The #MeToo movement has shed light on the widespread prevalence of sexual assault, harassment, and abuse, including in scholarly and professional communities. The last two years have shown us that the public history community is no exception. If we do not act, we are complicit in the violence that has pushed countless public historians out of theContinue reading “From #MeToo to Systemic Cultural Change: A Public Historian’s Call to Action”
I went to the National Sexual Assault Conference in August wondering if it’s really possible to do transformative anti-oppression work from within mainstream anti-violence organization. My colleague and friend, E Bjorkman, and I had a lot of thoughts on doing social justice and anti-oppression work in our organization, the New York State Coalition Against SexualContinue reading “Reflections on ‘Beyond the Breakthrough’ and Social Justice/Anti-Oppression Work”
Earth/Body/Silhouette: Landscape as Artistic and Political Practice In an Artforum interview, Jacques Rancière asked: “What landscape can one describe as the meeting place between artistic practice and political practice?” Landscape is a meeting place between artistic and political practice. Landscape is a medium of exchange between what is human and what is natural.
In the age of #BlackLivesMatter, the emergence of Indigenous Peoples’ Day, and increasingly hostile US policies toward non-white immigrants, it’s time for Italian Americans to return to our radical heritage and stand in solidarity with Black, Indigenous, and Latinx people of color.
Amy Halliday, Chelsea Miller, and Julie Peterson, “‘What are women’s prisons for?’: Gendered states of incarceration and history as an agent for social change,” Museums & Social Issues: A Journal of Reflective Discourse 12, no. 1 (April 2017): 56-66, https://doi.org/10.1080/15596893.2017.1292104. ABSTRACT As the exhibition States of Incarceration: A National Dialogue of Local Histories travels the nation, visitors willContinue reading “Article: “What are women’s prisons for?””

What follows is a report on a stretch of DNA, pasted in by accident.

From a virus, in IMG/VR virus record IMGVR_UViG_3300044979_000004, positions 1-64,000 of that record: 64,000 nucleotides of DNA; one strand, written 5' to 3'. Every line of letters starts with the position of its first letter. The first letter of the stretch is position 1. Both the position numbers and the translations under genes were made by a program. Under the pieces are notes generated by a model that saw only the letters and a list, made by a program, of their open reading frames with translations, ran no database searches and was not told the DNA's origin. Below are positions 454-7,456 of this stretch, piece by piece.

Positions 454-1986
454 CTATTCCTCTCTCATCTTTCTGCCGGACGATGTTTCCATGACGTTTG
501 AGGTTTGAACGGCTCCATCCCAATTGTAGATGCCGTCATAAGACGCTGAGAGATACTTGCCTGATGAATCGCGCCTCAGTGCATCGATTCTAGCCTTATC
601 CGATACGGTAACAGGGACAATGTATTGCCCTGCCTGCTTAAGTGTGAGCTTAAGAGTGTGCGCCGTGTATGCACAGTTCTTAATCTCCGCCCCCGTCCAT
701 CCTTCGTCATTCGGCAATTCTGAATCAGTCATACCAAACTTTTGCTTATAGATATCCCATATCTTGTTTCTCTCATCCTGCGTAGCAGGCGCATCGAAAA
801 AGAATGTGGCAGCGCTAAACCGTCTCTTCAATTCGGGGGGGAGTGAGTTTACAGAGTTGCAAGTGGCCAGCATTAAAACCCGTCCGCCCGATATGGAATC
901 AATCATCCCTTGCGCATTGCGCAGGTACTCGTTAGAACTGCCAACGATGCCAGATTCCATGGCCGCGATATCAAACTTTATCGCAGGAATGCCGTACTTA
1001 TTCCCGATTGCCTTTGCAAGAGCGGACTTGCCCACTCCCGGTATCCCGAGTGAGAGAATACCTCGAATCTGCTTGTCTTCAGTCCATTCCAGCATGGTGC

A cage is a cage is a cage. We want strategies that let people out of cages, not ones that are for building nicer or better cages. —Annotation in the meeting notes of the Statewide Harm Reduction Coalition (SHaRC) on community alternatives to plans for the building of a $27 million “gender-responsive” women’s jail inContinue reading “Reforming Gender and the Carceral State”
This post originally appeared on The Third Space: Textiles in Material and Visual Culture, an online exhibition curated by myself for the Institute for Curatorial Practice. “Thus confined to a specific place and reduced to a set of taxonomic segments, art is immobilized, stamped as an essence of eternal history.” — Didier Maleuvre, Museum Memories: History, Technology,Continue reading “Discourses of Culture and Sites of Interpretation”
This post originally appeared on The Third Space: Textiles in Material and Visual Culture, an online exhibition curated by myself for the Institute for Curatorial Practice. “It is that Third Space, though unrepresentable in itself, which constitutes the discursive conditions of enunciation that ensure that the meaning and symbols of culture have no primordial unity orContinue reading “Rehistoricizing Material and Visual Culture”
This blog post originally appeared on The Harold, and is part of a series of essays, opinions, and reviews written by students, faculty, and staff of the Institute for Curatorial Practice. As an intern for the Institute for Curatorial Practice, I am particularly struck by ICP’s ability to bring a wide range of collections into one conversation.Continue reading “Internship Update: The Third Space in Material Culture”
This post originally appeared on the National Museum of American History’s blog O Say Can You See Smithsonian Curator Dr. Katherine Ott invited students in Dr. Samuel J. Redman’s Museum/Historic Site Interpretation Seminar to explore the museum’s disability history collections and write blog posts sharing their research. The blogs are part of the celebrations commemorating theContinue reading “body / freedom / art: Rethinking disability through art”